Thank you so much for this. It has helped greatly. Any idea how to if say the two choices are Approve and Deny have them defaulted to gray when initially loaded or have no value but when selected either be green for Approve and Red for Deny?
Thanks again

Robert Muzzy
Comment by Mark Heath

yes, just give each choice its own id, and then have a different CSS rule for the checked color of each one

Mark Heath
Comment by Robert Muzzy

Thank you

Robert Muzzy
Comment by Janet Neckel

Exactly what I was looking for, thank you!

Janet Neckel
Comment by Dennis Nolan

Really liked this, but the input element isn't firing a change event.
I had to add a click event to the label.
Also the checked attribute on the input[type="radio"] is not being either set or reset.
Therefore add the following click event listener to the radio-toolbar elements.
function radio_toolbar_click (ev){
let checked = document.querySelector('input[name="radioFruit"]:checked');
if(checked) {
checked.checked = false;
} = true;

Dennis Nolan
Comment by HarrisG

Awesome. It helped me very much. Thank you

Comment by Richard Nash

hmmmm...this is nice, but how would I go about doing the same thing if the input was not a sibling but a child of the label...this is how react recommends creating the html for radio buttons, but i would like to style it the same way that you have...

Richard Nash
Comment by Agata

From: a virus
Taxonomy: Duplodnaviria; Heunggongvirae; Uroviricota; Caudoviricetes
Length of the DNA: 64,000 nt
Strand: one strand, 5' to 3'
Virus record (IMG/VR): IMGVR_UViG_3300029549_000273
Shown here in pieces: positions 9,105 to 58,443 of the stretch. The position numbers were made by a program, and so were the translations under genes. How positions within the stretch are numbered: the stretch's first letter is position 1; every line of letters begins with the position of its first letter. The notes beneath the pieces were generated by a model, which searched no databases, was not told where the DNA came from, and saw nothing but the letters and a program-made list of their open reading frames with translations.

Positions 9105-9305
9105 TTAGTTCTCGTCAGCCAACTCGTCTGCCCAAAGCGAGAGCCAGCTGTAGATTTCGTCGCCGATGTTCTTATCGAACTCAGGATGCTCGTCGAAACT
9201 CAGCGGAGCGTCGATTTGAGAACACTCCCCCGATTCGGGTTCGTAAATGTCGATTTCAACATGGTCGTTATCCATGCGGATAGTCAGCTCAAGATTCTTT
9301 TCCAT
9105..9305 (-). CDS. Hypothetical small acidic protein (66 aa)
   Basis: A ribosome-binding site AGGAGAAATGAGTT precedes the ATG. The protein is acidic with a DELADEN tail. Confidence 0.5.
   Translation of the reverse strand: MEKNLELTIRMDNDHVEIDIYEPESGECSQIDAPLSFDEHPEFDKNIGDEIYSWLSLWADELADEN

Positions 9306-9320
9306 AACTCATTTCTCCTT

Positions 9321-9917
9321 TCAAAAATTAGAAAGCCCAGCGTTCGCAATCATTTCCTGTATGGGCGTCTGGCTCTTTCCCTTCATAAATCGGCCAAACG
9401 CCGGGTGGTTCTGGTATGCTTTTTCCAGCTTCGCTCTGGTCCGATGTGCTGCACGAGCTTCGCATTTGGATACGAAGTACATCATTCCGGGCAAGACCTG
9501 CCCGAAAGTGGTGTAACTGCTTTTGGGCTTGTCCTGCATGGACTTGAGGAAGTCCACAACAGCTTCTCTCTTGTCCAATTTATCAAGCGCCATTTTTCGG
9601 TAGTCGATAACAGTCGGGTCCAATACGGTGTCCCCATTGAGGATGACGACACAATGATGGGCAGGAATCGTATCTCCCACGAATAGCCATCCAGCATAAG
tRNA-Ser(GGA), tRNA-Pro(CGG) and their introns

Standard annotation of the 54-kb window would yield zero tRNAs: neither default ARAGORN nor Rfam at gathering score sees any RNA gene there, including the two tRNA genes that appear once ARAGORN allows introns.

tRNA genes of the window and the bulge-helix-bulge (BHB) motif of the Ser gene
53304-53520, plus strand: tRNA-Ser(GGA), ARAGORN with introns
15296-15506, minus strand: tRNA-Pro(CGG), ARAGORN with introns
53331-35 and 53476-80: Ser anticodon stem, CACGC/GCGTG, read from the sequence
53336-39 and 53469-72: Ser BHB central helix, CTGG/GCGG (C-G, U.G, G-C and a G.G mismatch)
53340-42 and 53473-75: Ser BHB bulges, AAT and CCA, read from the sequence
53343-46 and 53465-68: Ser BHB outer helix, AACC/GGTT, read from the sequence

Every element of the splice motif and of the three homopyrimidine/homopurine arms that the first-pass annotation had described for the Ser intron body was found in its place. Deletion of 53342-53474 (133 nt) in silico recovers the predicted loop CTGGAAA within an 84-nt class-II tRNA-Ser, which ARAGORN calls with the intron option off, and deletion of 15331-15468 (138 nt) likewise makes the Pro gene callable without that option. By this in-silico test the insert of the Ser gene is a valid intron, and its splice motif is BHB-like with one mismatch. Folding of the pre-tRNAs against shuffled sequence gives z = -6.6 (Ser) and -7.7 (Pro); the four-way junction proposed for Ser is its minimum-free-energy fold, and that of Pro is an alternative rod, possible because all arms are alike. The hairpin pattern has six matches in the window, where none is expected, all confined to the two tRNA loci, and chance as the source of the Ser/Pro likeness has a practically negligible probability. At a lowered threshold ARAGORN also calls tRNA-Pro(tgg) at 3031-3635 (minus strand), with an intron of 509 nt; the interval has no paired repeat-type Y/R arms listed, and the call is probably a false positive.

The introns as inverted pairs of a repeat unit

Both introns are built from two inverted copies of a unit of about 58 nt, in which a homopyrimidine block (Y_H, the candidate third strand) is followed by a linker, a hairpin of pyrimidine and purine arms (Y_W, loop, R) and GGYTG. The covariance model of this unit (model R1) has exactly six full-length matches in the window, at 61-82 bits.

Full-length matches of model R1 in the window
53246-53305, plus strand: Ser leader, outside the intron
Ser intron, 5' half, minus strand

try using an 'input' event

Comment by Santiago Sanchez

this is awesome, many thanks

Santiago Sanchez
Comment by paisley

I'm quite late here, but since no one responded earlier...
CSS can't select an ancestor (the label) from a descendant (the input), but a JavaScript EventListener could. (In this case, I think you'd want the "change" event):
const toolbar = document.querySelector('.radio-toolbar');
toolbar.addEventListener('change', handleFruitChanges);
function handleFruitChanges(event){
const changedThing =;
if( == 'radioFruit'){
...This assumes your CSS does something special to elements that have the `checked-style` class.
That said, not everyone agrees that nesting inputs inside labels is a best practice, so if someone felt like going cowboy and ignoring the React style guide on this, I probably wouldn't tattle on them.

Comment by Dave Powers

Very helpful, thank you! I think this writeup is worthy of its own answer on the linked Stack Overflow question. Happy to vote up if you submit it.

Dave Powers
Comment by Samanyu Mehra

Hello, I am creating these radio buttons dynamically so I cant use the label. Is there any other way I can add the value inside the button? Thanks in Advance

Samanyu Mehra
Comment by Kelum

i tried many ways to get the value of checked one using jquery, none of them functional. please help me how to get the value of checked radio using jquery. thanks

Comment by Marcus Bondezan

Thx! You've helped me a lot!

Marcus Bondezan
Comment by Stefan Coetzee

Great, thank you. Works like a charm.

Stefan Coetzee
Comment by Allison Barnett

Everything works until I get to the :checked part. The background doesn't change at all but the buttons are still being selected.

Allison Barnett
Comment by yerfackingmammy


Comment by kydkit

make sure your input's "id" attribute matches your label's "for" attribute

Comment by Artur Baczewski

Could you please tell me more? It doesn't work for me neither. I know that the button is checked, but can't see it.

Artur Baczewski